Fermented Hummus

There’s definitely something really appealing about a smooth & creamy dip, and for me hummus is the king. It’s extremely versatile & can be transformed with just the addition of a single ingredient, such as roasted red pepper, caremalised onion or even just a sprinkling of smoked paprika. Up until quite recently I thought it would be a food of the past for me as it contains chickpeas (garbanzo beans), which are a lectin containing legume. It’s a pity on two counts, 1) I love the taste of it; and 2) Pretty much everything else that goes into making hummus is fine.

Well, I recently discovered that fermenting hummus not only creates healthy probiotics and enzymes that help the gut to digest food but it also dramatically reduces the lectin content within the chickpeas – thus making it much more Paleo-friendly in my eyes. So, after my recent success in making fermented kimchi I thought I’d try my hand at fermented hummus. I’ve made non-fermented hummus so many times now that I don’t really follow a recipe any more, but I have reproduced the recipe that I use as my template below. I believe it is one of Jamie Oliver’s but I can’t find a link to it on the web now – I personally prefer a little more lemon juice & chili in mine but adjust as per your own preference.

340g / 12oz chickpeas (soaked overnight)
1 small, dried red chili
½ teaspoon cumin seeds (or ground cumin)
salt & freshly ground black pepper
1 clove of garlic
1 ½ tablespoons tahini (sesame paste)
4 tablespoons extra virgin olive oil (it’s important to use the good stuff)
lemon juice to taste (approx two tablespoons)

Soak the chickpeas overnight (approx 8 hours) & then rinse thoroughly. Cover with fresh water and cook for 1 ½ hours or until soft, skimming any froth as necessary. Drain but keep some of the liquid for thinning out the hummus later.

In a pestle and mortar pound the chili and cumin seeds with a little salt. In a food processor add the chickpeas, garlic, tahini & pounded spices and pulse until all is combined & the consistency is like breadcrumbs. Add to this mixture the olive oil, lemon juice, salt & pepper and a little of the liquid that was reserved from the chickpeas. Pulse this until it is smooth, adding more cooking liquid as required.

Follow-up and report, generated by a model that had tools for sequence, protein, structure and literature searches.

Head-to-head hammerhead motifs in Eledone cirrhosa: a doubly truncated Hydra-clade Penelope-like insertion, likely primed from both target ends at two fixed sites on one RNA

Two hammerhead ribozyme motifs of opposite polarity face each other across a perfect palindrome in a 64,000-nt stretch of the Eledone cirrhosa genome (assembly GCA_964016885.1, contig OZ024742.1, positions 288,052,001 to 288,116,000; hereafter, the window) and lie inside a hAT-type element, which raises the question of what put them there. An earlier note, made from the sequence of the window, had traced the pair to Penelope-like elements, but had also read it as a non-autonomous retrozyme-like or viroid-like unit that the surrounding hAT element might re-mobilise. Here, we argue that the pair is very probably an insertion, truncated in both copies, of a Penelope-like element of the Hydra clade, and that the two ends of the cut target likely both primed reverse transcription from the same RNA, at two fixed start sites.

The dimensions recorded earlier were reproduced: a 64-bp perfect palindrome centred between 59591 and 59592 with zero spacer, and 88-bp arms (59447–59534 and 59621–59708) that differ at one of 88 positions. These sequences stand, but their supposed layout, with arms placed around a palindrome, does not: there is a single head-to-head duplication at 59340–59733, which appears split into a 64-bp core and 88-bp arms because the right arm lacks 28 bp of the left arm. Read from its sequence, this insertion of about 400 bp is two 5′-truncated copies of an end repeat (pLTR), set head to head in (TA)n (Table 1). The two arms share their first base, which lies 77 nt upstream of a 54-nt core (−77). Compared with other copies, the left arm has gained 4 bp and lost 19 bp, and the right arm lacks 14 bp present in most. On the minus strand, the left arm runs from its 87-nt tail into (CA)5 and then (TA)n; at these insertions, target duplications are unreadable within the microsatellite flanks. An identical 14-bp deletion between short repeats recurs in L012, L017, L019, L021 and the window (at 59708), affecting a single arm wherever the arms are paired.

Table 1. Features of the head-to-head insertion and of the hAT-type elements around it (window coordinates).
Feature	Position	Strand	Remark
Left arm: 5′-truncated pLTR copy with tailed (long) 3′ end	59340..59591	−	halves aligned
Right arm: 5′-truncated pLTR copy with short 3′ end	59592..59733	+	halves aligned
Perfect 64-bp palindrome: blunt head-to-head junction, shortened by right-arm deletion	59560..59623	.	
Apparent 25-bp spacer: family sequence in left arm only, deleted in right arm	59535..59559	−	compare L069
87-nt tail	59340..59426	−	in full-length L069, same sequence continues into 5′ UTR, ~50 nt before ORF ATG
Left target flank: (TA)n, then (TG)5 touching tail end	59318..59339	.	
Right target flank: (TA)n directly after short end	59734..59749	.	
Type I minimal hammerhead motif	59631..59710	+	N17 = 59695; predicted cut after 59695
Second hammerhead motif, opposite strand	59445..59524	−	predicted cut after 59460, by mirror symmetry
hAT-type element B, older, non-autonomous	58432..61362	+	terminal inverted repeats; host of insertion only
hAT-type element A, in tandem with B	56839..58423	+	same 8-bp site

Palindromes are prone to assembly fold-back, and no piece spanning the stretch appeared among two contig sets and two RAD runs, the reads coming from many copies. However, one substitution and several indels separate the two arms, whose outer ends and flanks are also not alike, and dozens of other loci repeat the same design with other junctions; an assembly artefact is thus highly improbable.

Now for the fermentation! Spoon the hummus into a clean kilner-type jar, ensuring to leave a couple of inches gap for expansion as the fermentation takes place. Cover tightly with a double layer of cling film and secure with an elastic band. Alternatively, if you have an air-lock lid, as used in home brewing, use that as it will allow the fermentation gases to escape whilst retaining an air tight seal.

Leave the jar at room temperature and wait for the the hummus to expand in the jar and become aerated, this could take 3 to 5 days depending on the ambient temperature. This is the result of the lactobacilli doing it’s job! Once this happens taste a small amount of the hummus; you should be looking for the familiar tingle or zing you get from fermented food on your tongue, not dissimilar to the tingle from the kids sweet ‘space dust’ but much more subtle. Also the hummus should not in any way taste rancid or off, if it does throw away and give it another go. If all is well secure the jar with an air-tight lid and refrigerate until required.

The ingredients:

The dried spices, ready to be pounded!

The filled food processor.

After initial pulsing without the wet ingredients the mixture is like breadcrumbs.

After the olive oil, lemon juice & cooking water are added the mixture thins out.

Finally the hummus is ready to ferment in the jar!

One Response to Fermented Hummus

  1. Marcus June 6, 2012 at 9:41 am #

    Hey Jase, that looks great, getting those probiotics from food always feels about hundred times better than popping a pill! Will give it a go and report back. Cheers! Marcus

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